Rham, William Lewis (DNB00)
RHAM, WILLIAM LEWIS (1778–1843), agriculturist, was born in Utrecht in 1778, his father being Dutch and his mother Swiss. When still young he came to England and afterwards attended Edinburgh University as a medical student, but, determining to seek holy orders, entered Trinity College, Cambridge, where he graduated B.A. in 1806 (M.A. 1810), and was tenth wrangler. After taking holy orders he successively held the rectory of Fersfield, Norfolk, from 1803; the vicarage of Broad Hinton, Wiltshire, from 1804; a prebend of Bitton in Salisbury, from 1806; and the vicarage of Winkfield, Berkshire, from 1808. He remained at Winkfield till his death.
Rham was very popular with his rural parishioners, devoting himself to agricultural pursuits, upon which he became one of the greatest authorities of his day (cf. Donaldson, Agric. Biogr. p. 125). He was a member of the Royal Agricultural Society, and sat on its council and committees from its beginning in 1838.
To its journal Rham contributed several valuable papers on practical agriculture, including an ‘Essay on the Simplest and Easiest Mode of Analysing Soils’ (i. 46), which won a prize offered by the society. He maintained his connection with the continent by frequent visits, and his knowledge of continental methods is one of the features of his agricultural papers. As the result of one of these continental trips, when he walked from farm to farm and accepted the rough hospitality of the peasantry, he contributed to the agricultural section of the ‘Library of Useful Knowledge’ a manual on ‘Flemish Industry.’ He also contributed to publications like the ‘Gardeners' Chronicle’ and the ‘Penny Cyclopædia.’ A compilation of the articles which he wrote for the latter was published as ‘A Dictionary of the Farm,’ London, 1844, and went through five editions; the later ones being edited and supplemented by other hands. He also edited and revised an edition of Doyle's ‘Cyclopædia of Practical Husbandry,’ London, 1851.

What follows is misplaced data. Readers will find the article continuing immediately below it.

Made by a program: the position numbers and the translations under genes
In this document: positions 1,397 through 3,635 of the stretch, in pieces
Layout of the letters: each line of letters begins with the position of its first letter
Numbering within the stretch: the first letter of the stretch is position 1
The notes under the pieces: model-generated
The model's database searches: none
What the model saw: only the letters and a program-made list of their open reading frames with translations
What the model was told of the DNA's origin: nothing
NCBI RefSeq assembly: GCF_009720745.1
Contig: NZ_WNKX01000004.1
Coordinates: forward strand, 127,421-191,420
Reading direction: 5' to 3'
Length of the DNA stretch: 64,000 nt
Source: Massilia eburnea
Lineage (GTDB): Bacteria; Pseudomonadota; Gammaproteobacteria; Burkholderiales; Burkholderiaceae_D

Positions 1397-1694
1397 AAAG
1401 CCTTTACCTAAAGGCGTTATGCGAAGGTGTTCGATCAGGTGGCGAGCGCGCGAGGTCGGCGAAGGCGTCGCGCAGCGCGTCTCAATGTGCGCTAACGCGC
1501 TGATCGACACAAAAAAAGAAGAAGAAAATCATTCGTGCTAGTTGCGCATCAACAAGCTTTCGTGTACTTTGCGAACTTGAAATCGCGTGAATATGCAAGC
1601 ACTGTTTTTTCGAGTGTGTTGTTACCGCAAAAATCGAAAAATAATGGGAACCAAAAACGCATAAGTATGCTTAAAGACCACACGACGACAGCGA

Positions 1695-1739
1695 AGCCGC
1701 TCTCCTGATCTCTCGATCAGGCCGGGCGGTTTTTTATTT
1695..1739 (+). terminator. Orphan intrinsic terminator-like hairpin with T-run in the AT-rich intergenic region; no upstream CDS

His continental experience taught him the necessity of agricultural schools, and the school of industry which he opened at Wink- field in 1835 was conducted on principles which show that he anticipated later theories of education. The school, which accommodated fifty boys and fifty girls, was surrounded with four acres of land, upon which the pupils were taught manual labour and the science of agriculture. Workshops and workrooms adjoined, and there the boys were taught to handle tools and the girls had lessons in domestic work. The establishment was maintained by private subscription and the sale of produce.
Rham died at Winkfield on 31 Oct. 1843.[Foster's Index Ecclesiasticus, p. 149; Dict. of the Farm, introductory notice; Journ. of the Royal Agricultural Society; Tremenheere's Report to the Council of Education, March 1843.]